It has been two weeks since I last disturbed your inbox with my ramblings.
I once wrote a piece for Wired about weeks and fortnights and the building blocks of time, I've reproduced it below because even Wired don't feel the need to keep it on the internet any more. David Allen (the Getting Things Done man) invited me to coffee because this piece made him suspect I might be interesting. I think I let him down. We chatted for a while and then, quite abruptly, he dismissed me. Getting Things Done presumably involves not wasting time with people who aren't as fascinating as their columns suggest.
From Wired, June 2010...
I write these columns monthly, around the eighth of every month. And always, without fail, they catch me by surprise. I’ve stuck them in my Google Calendar. I have reminders on my phone. I get a kindly email from Wired a few days ahead of the deadline. I can even watch Warren Ellis on Twitter, kvetching about his own deadline. And yet, still, every time a new one’s due I find myself shocked and surprised. (Hours to deadline: three) I also write a column for a weekly magazine. Every Sunday night I sit down and bash it out, no problem.
I think the explanation is simple: weeks make sense to us, months just don’t. Months are a natural accident, a side effect of planetary interaction and as gnarled and irregular as a tree-stump. Sometimes longer, sometimes shorter; we need to make up rhymes to figure out just how many days they have. Years, months, days -- these are planetary phenomena, instructions we follow.
Try to resist them and jetlag will slay us and the harvest will fail. Where as weeks are a human invention, a cultural creation up there with the wheel and the crossword. Weeks are in service of humanity; regular and solid, they don’t care about the comings and goings of celestial rocks, they’re imposed on the world for our convenience. Weeks are the four-on the- floor kick-drum of eternity.
And that magical seven-day formula has seen off all sorts of other temporal recipes: Soviet stabs at five- or six-day weeks, the various Decimal calendars, the Hermetic Lunar Week, the Javanese Pasaran Cycle, the Etruscans and their Nundinal system, even the Celtic style based on eight days and nine nights. All are beaten under the wheels of the mighty seven-day juggernaut. It just seems to sit right in our heads. (Weeks to my actuarially predicted demise: 1,996)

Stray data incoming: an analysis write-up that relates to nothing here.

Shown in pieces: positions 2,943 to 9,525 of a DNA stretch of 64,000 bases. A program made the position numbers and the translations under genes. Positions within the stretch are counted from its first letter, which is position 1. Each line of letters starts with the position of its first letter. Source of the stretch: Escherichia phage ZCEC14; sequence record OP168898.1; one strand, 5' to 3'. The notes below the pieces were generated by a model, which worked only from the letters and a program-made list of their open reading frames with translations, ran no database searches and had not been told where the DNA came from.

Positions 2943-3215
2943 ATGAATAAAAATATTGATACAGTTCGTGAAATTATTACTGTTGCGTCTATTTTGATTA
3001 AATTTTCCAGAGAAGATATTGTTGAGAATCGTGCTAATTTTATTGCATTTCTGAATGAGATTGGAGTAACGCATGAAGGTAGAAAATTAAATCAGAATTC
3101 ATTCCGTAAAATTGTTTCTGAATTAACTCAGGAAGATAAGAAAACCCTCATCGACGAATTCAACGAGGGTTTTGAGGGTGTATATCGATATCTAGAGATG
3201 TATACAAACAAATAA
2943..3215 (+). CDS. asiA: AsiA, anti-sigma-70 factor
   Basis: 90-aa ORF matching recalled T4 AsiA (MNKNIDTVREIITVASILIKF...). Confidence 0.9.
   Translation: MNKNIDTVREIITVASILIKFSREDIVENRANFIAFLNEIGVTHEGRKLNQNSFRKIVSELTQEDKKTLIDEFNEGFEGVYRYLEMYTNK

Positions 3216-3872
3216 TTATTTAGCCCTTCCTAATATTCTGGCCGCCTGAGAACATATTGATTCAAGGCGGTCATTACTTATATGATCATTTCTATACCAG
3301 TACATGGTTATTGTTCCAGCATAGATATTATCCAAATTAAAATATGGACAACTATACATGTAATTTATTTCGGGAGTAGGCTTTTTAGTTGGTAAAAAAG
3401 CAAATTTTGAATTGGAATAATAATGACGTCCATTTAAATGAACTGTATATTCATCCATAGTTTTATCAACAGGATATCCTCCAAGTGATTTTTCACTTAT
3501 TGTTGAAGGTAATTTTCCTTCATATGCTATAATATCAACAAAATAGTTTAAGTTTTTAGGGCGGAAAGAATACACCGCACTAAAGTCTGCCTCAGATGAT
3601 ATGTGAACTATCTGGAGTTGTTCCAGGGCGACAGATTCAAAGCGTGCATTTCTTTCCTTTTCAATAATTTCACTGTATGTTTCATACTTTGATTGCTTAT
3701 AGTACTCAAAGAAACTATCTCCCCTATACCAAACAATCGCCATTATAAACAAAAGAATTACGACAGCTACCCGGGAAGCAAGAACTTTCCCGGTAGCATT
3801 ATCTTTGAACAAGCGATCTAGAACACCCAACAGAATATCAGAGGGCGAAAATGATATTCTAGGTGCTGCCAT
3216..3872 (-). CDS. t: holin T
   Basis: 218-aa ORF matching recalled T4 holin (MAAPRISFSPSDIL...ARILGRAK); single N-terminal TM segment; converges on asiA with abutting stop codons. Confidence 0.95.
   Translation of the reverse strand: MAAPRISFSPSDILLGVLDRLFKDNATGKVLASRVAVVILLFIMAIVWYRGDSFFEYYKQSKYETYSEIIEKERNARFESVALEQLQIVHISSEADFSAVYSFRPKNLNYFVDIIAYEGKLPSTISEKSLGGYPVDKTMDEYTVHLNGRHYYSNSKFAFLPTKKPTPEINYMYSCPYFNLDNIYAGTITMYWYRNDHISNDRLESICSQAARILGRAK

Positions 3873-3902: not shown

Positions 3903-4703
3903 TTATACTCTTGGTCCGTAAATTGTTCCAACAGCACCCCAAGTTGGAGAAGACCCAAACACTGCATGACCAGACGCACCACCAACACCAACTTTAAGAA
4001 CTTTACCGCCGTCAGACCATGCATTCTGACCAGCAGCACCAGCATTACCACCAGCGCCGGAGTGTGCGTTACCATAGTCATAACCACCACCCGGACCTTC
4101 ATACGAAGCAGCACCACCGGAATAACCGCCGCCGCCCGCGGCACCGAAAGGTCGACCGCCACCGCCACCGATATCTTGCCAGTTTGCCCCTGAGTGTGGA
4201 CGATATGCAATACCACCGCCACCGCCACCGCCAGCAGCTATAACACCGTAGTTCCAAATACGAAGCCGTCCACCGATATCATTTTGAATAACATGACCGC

Which may explain the mini-phenomenon of the “Weeknote”. Started on the blog of design company BERG a few months back, Weeknotes detailed what they were up to that week, what had been going well, what hadn’t. They were just blog entries, updated weekly, nothing more remarkable than that. Except they struck a little chord with people -- and other companies and individuals started doing the same thing.
They seem to have a pattern and rhythm that people like. A few paragraphs about what you’re up to. No need for big insights or revelations, just a bit of sharing and perhaps a moment of reflection. They fit neatly into that globally distributed culture of small creative businesses and people. Individuals and small companies such as these need to share to learn and to find like-minded partners and employees -- the Weeknote matches the rhythms of their work, and the blog and RSS are the perfect way to deliver it.
Twitter’s too fast, too ephemeral to document these kinds of projects -- the weekly blog post is exactly right. It’s even kicked some long-time bloggers back into the blogging habit. The weekly pulse and simple formula unblocks the blocked and gets people writing. The content’s not thrilling -- it’s not going to get anyone a book deal. But it’s precisely what you need to hear if you’re doing similar work.
It helps to see that other people struggle with deadlines and clients, that big projects can fall apart and still get put back together, that finance is taxing but that this or that software package can help. Above all, it’s nice to realise that everyone else is also just making it up.
Come to think of it, Weeknotes are exactly what should get someone a book deal. The collective wisdom of the noters distilled and edited would make one of the few worthwhile business books: people in interesting businesses and professions talking about working life as it’s actually lived, real problems in real time. That would be worth reading. (current listening: “Venceremos” by Working Week)
But, of course, as soon as there’s a pulse, we want to syncopate. We create temporal structures and then we mess with them. The 80s clearly started in about 1982. Eric Hobsbawm’s Long Nineteenth Century ran from 1789 to 1914, his Short Twentieth Century went from there to 1991. And though we move to the tight rhythm of a drum-machine, we relax to the loose tempos of a real drummer. Weeknotes are great, and the week a splendidly useful cultural construct, but let’s not get dogmatic. We all look forward to a short week and a long weekend.
(There are currently 246 of you. 246 is an untouchable number. 2-4-6 is an unusual locomotive configuration, used on Mason Bogie articulated steam locomotives, designed for sharp curves and uneven track. The year 246 was also known as the Year of the Consulship of Praesens and Albinus.)